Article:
The end of the holiday is a chance to look forward
With the sedarim over, many Jews have begun to eye the Passover clock, waiting for the holiday to end so they can indulge their craving for pizza and other doughy foods. But by counting down until the ban on leaven is over, chances are they’ll miss the holiday at the end of the holiday.
It’s true. There’s more holiday ahead.
The seventh and eighth days of Passover are a return to full holiday mode, although they are not a separate holiday. Reform Jews celebrate just the seventh day as the last day, as do Jews in Israel. The seventh day begins at sundown Sunday.
“They are two of the most under-billed days on the Jewish calendar,” says Rabbi Sender Geisinsky of Chabad of Bethesda-Chevy Chase.
As with other holidays, the seventh day is ushered in with candlelighting, the Kiddush blessing over wine and the motzi over bread. But the Shehecheyanu prayer, giving thanks for reaching this season is not said; the one on the eve of Passover covers the whole holiday. A festive meal is traditional, too.
The last day of Pesach is also when the Yizkor memorial service is said in synagogue by Ashkenazi Jews.
“For individuals it’s a chance to remember people and the hole that exists in the world without them,” says Rabbi Jessica Oleon, of Temple Sinai in Washington, D.C. “It’s a moment of sadness and connection between the generations.”
The tradition of saying Yizkor on Passover is a “peculiar paradox,” says Rabbi Jack Moline, of Agudas Achim Congregation in Alexandria. “People come to shul on a happy holiday to be sad.”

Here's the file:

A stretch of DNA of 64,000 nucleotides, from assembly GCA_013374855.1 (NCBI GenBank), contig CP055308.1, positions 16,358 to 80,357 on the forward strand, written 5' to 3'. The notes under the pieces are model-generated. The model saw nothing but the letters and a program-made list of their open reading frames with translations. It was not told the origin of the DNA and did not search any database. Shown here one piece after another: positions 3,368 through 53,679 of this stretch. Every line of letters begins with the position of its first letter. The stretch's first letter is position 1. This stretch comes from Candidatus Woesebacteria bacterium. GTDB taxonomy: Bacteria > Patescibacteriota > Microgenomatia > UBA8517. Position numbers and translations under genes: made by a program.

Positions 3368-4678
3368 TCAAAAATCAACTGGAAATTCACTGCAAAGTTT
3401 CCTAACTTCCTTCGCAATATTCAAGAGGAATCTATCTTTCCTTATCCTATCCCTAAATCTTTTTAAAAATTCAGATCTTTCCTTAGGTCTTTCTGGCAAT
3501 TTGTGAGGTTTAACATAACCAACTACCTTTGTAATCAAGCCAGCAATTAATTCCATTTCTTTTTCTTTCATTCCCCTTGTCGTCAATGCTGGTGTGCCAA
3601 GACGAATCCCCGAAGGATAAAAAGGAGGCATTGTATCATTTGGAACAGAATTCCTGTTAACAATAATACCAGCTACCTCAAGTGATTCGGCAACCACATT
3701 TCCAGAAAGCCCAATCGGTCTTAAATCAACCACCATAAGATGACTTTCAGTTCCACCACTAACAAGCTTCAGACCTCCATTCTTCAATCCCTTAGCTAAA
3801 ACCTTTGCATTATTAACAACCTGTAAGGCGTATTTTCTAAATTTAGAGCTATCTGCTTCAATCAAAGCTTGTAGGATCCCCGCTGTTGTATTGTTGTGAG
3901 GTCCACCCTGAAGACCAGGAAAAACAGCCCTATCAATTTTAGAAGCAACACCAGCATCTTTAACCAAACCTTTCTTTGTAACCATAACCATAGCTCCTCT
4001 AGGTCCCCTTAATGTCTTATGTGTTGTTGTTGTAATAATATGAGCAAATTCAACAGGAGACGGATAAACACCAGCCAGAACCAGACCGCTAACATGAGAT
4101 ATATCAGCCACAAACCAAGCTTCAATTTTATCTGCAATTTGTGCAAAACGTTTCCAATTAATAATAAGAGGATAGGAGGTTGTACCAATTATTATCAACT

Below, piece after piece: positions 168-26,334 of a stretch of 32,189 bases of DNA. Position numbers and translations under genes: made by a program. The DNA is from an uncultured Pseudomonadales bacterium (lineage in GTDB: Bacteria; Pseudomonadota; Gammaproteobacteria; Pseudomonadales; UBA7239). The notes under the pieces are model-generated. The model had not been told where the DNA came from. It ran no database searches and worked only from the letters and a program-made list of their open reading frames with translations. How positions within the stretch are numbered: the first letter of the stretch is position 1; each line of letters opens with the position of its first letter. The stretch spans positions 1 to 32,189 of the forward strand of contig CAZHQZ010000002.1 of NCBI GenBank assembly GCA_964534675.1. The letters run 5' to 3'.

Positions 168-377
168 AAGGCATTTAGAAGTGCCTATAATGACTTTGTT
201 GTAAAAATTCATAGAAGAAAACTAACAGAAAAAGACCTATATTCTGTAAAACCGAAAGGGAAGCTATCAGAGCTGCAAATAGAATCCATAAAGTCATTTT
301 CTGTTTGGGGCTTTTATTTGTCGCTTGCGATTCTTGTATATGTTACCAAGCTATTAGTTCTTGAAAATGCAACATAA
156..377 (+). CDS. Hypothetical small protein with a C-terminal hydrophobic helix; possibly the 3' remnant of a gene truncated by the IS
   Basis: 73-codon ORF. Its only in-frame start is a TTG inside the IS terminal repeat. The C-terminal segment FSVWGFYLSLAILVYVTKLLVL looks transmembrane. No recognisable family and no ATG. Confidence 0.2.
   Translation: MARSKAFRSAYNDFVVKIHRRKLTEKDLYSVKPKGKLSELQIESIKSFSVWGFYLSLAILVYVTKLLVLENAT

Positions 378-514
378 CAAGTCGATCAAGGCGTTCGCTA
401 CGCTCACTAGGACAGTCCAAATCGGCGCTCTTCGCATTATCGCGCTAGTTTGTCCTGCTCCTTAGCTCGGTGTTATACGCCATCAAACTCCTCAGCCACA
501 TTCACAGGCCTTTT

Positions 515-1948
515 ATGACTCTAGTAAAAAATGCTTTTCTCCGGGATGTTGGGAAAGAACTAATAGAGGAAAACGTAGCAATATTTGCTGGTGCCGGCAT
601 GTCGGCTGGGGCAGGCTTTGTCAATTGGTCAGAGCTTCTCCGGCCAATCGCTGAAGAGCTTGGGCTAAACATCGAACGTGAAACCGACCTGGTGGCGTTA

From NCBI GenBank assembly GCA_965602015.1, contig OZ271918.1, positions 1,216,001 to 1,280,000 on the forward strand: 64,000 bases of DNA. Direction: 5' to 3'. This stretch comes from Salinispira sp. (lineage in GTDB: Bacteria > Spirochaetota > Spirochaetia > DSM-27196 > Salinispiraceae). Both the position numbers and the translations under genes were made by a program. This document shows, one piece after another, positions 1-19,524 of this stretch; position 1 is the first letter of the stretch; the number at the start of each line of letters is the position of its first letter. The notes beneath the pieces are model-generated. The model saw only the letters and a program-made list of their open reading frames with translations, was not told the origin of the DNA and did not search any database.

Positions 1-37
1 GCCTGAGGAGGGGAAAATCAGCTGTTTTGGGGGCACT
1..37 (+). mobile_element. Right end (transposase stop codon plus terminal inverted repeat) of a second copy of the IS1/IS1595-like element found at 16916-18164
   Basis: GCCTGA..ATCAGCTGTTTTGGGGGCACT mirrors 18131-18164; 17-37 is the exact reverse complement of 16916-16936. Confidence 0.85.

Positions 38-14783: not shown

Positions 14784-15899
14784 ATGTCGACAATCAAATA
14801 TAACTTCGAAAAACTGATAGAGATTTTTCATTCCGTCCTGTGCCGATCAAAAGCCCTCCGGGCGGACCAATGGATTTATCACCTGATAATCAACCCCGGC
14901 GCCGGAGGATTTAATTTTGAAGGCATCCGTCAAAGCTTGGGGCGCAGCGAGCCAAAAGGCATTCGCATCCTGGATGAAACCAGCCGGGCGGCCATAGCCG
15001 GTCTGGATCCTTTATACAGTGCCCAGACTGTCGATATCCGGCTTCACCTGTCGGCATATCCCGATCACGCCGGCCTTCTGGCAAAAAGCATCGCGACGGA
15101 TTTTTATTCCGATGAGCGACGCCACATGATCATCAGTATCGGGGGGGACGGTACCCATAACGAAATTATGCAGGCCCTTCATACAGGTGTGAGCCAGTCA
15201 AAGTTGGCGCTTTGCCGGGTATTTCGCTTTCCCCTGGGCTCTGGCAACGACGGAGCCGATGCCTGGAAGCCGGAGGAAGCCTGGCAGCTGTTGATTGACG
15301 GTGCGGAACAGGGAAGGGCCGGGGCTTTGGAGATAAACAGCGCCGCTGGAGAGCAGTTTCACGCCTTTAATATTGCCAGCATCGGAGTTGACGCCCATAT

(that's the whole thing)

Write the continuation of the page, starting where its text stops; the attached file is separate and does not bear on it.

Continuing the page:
The end of Pesach is often overlooked “because they’re plain yomim tovim [holidays], if there is such a thing,” he says.
But while the Torah doesn’t ascribe any special meaning to the last days, later tradition filled in the blanks.
“Passover is a celebration of a series of miracles,” Oleon says. They culminate with the Israelites’ escape across the Sea of Reeds and the drowning of their Egyptian pursuers. Tradition has placed that decisive event on the last day of Passover.
Despite its importance to Jewish survival, there is nothing to celebrate it on the final day. “We don’t typically celebrate the downfall of our enemies,” she explains, despite the popular notion that Jewish holidays can all be summed up by: “They tried to kill us. We survived. Let’s eat.”
“We don’t dance on the grave of our enemies – or we shouldn’t,” Oleon says. The Jewish response to Egyptian suffering comes during the seder, when celebrants spill a drop of wine for each plague, showing that the Egyptians’ pain reduces the Jews’ joy.
But that night before the seas parted was a night of worry and waiting, like the eve of Passover itself. So a tradition arose to hold a tikkun – a night-long study session – to parallel the experience of wakefulness.
“They didn’t really leave Egypt until they crossed the sea,” says Geisinsky. “On the first two days of Pesach we’re looking backward. On the last two days we focus on where we’re headed to.”
Passover is not an end in itself, he says. It leads somewhere.
It’s a chasidic tradition to have one last meal before the holiday ends, he says. “Everybody sits together, has four cups of wine, some matzah, and talks about redemption.”
This looking toward the coming of the messiah – the focus on the future – is the real response to the wicked son of the Haggadah, who asks, “What does this mean to you?”
Hitting the child and chastising and lecturing him about Jewish history, as the Haggadah suggests, is not an effective response to someone who already feels alienated, Geisinsky says. “It’s difficult to engage a child by talking about the past.”
The future is something else entirely.
Chabad of Bethesda-Chevy Chase will hold a Seudat Mashiach meal for the end of Passover at 6:30 p.m. on April 2. For information, go to shalomchabad.com